State Violence, Asian Immigrants, and the “Underclass”



The story of policing, detention, and prisons is simultaneously a story of racial and gendered violence. In other words, any discussion of state violence must be viewed within the broader discussion of violence against racial and national minorities, women of color, gays, and lesbians. Yet this is also the age of the neoliberal or neoconservative consensus—a time when bipartisanship shamelessly insists that “there is no racism.” (With some regional variation, similar claims are made in reference to gender and sexual discrimination.) Indeed, when today the United States looks for explanations for its tripling prison population, the exponential increase in concentrations of inner city poverty, the hypermilitarization of metropolitan police forces, and the collapse of the welfare state, the public is quickly introduced to a litany of seemingly raceless phrases and terms that it must learn to recite: the “dysfunctional family,” a “culture of poverty,” and, of course, the “underclass.” The underclass is a particular favorite of liberal social scientists and policymakers. A decep- tively simple term, it suggests that racism is no longer to blame for social inequities; the real culprits are the individual pathologies, behaviors, and cultures of those who live at the bottom. Racism is out, taking “personal responsibility” is in.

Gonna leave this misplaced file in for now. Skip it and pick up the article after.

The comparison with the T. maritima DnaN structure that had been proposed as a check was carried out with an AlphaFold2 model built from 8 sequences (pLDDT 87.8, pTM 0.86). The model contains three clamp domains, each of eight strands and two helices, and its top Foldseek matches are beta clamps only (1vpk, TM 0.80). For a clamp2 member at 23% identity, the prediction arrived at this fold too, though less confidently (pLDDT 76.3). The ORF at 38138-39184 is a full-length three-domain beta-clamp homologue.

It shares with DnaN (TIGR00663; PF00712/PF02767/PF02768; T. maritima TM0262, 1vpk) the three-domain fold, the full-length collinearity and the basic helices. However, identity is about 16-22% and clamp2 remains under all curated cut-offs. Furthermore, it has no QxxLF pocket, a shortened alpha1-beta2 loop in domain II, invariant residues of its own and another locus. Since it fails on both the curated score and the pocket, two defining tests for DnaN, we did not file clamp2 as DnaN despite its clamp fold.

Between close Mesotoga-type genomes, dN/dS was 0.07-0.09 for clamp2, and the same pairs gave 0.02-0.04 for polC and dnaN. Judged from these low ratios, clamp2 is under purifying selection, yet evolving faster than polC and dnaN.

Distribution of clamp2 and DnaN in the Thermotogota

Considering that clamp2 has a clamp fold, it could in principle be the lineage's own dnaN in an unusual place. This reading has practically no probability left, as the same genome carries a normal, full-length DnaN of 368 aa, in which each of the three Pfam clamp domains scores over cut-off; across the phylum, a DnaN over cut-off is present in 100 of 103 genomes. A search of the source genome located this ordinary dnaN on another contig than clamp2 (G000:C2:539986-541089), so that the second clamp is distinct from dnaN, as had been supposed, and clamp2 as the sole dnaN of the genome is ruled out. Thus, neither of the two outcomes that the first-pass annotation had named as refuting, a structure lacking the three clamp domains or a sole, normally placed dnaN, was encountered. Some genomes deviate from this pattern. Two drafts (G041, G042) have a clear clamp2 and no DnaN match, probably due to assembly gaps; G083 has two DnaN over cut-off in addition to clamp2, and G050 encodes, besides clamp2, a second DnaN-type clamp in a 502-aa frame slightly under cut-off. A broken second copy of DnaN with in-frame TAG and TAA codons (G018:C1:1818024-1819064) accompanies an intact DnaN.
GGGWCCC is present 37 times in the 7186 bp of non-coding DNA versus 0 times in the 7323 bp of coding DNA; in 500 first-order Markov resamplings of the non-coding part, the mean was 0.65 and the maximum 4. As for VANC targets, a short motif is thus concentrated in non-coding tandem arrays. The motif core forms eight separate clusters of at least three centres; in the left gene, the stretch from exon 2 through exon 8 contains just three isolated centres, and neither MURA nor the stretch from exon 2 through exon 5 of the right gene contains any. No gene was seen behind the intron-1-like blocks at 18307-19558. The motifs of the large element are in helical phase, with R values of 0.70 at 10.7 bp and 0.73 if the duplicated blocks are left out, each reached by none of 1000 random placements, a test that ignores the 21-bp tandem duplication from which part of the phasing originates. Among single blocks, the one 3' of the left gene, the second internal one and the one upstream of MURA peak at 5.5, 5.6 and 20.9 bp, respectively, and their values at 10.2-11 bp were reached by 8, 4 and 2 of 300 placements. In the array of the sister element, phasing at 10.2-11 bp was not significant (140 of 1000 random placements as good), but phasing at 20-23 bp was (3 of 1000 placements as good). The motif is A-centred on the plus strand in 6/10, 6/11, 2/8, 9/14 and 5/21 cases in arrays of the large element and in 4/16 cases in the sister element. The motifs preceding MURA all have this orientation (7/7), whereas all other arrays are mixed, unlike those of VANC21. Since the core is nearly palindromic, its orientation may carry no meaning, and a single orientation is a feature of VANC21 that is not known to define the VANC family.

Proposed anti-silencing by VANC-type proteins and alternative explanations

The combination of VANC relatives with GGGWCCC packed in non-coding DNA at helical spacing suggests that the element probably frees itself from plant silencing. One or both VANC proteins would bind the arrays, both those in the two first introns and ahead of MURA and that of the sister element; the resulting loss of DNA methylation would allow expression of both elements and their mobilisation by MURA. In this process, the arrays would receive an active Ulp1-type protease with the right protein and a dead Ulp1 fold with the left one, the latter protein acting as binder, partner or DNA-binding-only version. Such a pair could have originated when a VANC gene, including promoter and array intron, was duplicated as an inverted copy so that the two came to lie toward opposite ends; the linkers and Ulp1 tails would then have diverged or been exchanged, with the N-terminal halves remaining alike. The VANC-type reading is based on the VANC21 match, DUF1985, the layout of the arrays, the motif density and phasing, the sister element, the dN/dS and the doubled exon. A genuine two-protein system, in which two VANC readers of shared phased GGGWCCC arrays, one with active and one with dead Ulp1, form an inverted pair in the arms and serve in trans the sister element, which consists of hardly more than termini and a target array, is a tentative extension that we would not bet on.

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  1. 1.
    For a historical overview of the “underclass,” see Michael Katz, ed., The Underclass Debate: Views From History (Princeton, N.J.: Princeton University Press, 1993).Google Scholar

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© Eric Tang 2000

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